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On Waterloo

This book at last makes available in English a penetrating exchange between two of history's most famous soldiers concerning the dramatic events of the Waterloo campaign of 1815. The Duke of Wellington is one of the greatest military commanders in British history; General Carl von Clausewitz is widely regarded as the greatest military thinker in the history of Western civilization. Both men had vast experience in the Napoleonic Wars, and both were prominent participants in the campaign. Wellington commanded the Anglo-Dutch-Belgian army; the much younger Clausewitz was chief-of-staff to Prussia's 3rd Corps. Wellington went on to become prime minister of Great Britain and commander-in-chief-for-life of the British Army. Clausewitz went on to author VOM KRIEGE (ON WAR), a seminal and still hotly debated treatise on the theory and philosophy of war. He also became the founder of modern, "scientific" military history, via the work of his disciple, military historian Hans Delbruck. Oddly, Clausewitz's study of the campaign of 1815 was never published in English, and Wellington's once-famous response to it has been strangely but studiously ignored by British military historians since 1914. Hence this book. It contains Wellington's initial battle report; Clausewitz's post-battle letters to his wife Marie; correspondence within Wellington's circle concerning Clausewitz's work; Clausewitz's strategic analysis of the entire campaign (not just the Battle of Waterloo); Wellington's memorandum in response; and enlightening essays by prominent experts on Clausewitz, Wellington, and the Battle of Waterloo. Major General [U.S. Army] David T. Zabecki, Ph.D., writes in the April 2011 edition of The Journal of Military History: "Long overdue, we now have two English translations of [Clausewitz's] The Campaign of 1815 [i.e., Peter Hofschroer's translation of Clausewitz's study and Bassford, Moran, and Pedlow's edition of the full Clausewitz-Wellington exchange]. Either of these volumes would be a welcome addition to the bookshelf of any serious student of military affairs, but On Waterloo: Clausewitz, Wellington, and the Campaign of 1815 is clearly the richer of the two." Napoleonic expert Bruno Colson wrote [in War in History 19(3)] that Pedlow "convincingly resurrects Wellington's ideas and actions, and gives a final and excellent reply to the arguments of Peter Hofschroer, while remaining balanced, recognizing the latter's merits and quoting him courteously. Waterloo 'was neither a British victory nor a Prussian victory; it was an Allied victory, ' says Pedlow (p. 282). For Waterloo enthusiasts, this essay alone justifies buying the book." Noted Clausewitz scholar Jon Sumida (U.Md) writes that "On Waterloo is essential reading for those seeking an understanding of Clausewitz's distinctive approach to historical case study as the basis of practical knowledge of armed conflict. Clausewitz's history of the campaign of 1815 incorporates methods of critical analysis explained in Book II of On War, which were addressed primarily to the observation and assessment of past cases of strategic and operational decision-making by commanders-in chief. The Bassford, Moran, and Pedlow edition provides a highly readable translation of a work previously accessible only in German that illustrates Clausewitz's approach to the replication and evaluation of the experience of high command." The Editors: Christopher Bassford is Professor of Strategy at the National War College, in Washington, DC. Daniel Moran is Professor of National Security Affairs at the Naval Postgraduate School, in Monterey, CA. Gregory W. Pedlow is Chief of the Historical Office at NATO's Supreme Headquarters Allied Powers Europe (SHAPE), near Mons, Belgium."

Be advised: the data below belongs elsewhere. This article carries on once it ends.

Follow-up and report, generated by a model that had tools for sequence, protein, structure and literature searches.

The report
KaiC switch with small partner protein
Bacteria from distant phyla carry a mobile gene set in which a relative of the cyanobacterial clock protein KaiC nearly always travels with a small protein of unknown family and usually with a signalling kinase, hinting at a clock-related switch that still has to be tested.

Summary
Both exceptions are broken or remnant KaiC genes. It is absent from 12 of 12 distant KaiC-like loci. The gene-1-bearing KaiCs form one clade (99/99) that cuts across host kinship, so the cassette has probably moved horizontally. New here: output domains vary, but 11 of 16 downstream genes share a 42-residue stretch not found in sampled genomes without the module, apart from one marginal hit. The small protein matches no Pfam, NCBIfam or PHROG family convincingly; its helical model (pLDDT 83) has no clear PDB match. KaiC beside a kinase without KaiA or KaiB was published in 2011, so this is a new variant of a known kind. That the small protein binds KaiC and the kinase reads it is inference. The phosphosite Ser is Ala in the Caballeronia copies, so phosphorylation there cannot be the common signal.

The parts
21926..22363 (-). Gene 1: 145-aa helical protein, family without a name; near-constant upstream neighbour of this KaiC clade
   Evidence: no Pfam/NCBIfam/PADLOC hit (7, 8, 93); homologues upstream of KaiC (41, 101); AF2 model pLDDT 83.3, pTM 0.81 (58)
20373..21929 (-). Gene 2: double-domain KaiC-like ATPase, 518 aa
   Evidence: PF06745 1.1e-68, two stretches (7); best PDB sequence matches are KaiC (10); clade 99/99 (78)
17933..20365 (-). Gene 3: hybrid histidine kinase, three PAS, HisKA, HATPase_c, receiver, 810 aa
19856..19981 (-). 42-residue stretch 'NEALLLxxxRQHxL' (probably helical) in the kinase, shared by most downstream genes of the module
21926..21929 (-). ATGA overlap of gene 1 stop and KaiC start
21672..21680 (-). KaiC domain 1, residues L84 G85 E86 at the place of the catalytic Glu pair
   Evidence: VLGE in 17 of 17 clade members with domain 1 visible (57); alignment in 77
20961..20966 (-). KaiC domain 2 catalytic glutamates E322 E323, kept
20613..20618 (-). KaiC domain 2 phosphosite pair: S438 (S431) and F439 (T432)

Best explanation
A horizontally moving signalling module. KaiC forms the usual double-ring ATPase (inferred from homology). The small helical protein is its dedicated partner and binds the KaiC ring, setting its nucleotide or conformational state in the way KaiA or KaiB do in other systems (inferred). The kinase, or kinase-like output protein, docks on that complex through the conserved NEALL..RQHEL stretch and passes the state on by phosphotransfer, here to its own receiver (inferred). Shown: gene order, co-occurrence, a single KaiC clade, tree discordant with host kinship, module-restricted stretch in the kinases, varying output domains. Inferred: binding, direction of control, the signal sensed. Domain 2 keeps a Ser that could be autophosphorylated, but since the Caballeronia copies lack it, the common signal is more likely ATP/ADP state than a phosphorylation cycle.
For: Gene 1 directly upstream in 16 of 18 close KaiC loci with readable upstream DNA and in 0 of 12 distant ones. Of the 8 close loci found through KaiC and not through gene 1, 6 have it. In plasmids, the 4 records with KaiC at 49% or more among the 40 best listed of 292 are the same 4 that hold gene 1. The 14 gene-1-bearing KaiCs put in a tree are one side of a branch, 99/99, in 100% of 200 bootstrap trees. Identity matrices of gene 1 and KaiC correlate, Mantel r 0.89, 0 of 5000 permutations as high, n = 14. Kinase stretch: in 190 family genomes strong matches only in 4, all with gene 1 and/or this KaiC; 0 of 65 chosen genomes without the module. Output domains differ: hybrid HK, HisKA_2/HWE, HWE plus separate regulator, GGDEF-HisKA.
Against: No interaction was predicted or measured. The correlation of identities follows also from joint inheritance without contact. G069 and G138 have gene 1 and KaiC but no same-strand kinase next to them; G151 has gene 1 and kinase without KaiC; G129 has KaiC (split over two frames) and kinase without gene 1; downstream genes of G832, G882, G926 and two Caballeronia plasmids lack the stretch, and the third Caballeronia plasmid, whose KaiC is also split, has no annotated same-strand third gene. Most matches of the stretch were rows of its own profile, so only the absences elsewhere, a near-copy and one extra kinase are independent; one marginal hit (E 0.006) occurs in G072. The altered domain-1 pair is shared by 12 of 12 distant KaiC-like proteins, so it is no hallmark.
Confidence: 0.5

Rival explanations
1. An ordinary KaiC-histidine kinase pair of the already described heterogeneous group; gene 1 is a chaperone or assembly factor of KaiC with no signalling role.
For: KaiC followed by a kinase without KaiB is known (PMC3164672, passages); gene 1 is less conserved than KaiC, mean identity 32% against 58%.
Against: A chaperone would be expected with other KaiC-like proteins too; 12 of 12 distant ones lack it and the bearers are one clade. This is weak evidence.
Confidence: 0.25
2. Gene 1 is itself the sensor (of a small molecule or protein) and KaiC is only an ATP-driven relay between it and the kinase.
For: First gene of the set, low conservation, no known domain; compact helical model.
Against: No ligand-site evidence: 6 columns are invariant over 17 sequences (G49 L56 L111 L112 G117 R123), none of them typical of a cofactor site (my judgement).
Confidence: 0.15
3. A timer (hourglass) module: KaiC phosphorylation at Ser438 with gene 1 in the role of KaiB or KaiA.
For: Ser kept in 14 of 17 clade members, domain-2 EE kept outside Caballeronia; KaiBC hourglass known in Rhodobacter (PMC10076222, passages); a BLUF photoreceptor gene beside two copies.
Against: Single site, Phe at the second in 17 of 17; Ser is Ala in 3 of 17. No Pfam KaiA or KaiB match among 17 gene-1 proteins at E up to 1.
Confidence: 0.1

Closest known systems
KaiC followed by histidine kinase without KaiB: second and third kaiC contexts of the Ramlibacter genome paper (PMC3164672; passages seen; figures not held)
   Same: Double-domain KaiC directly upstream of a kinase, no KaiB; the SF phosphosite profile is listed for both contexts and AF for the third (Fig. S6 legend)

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About the Author

General Carl von Clausewitz (1780-1831) was a Prussian army officer during the wars of the French Revolution and Napoleon. He is most famous as the author of ON WAR, a philosophical treatise on the nature of war that remains the center of hot debate (at least 10 books on him have been published in English in the last four years alone). But he also wrote several histories, including one on the campaign of 1815. Arthur Wellesley, the first Duke of Wellington (1769-1851), is one of the most famous British commanders of all time, victor over Napoleon at the Battle of Waterloo. Other than his official battle report, Wellington wrote only one serious essay concerning that battle, and that essay was in direct response to Clausewitz's study.

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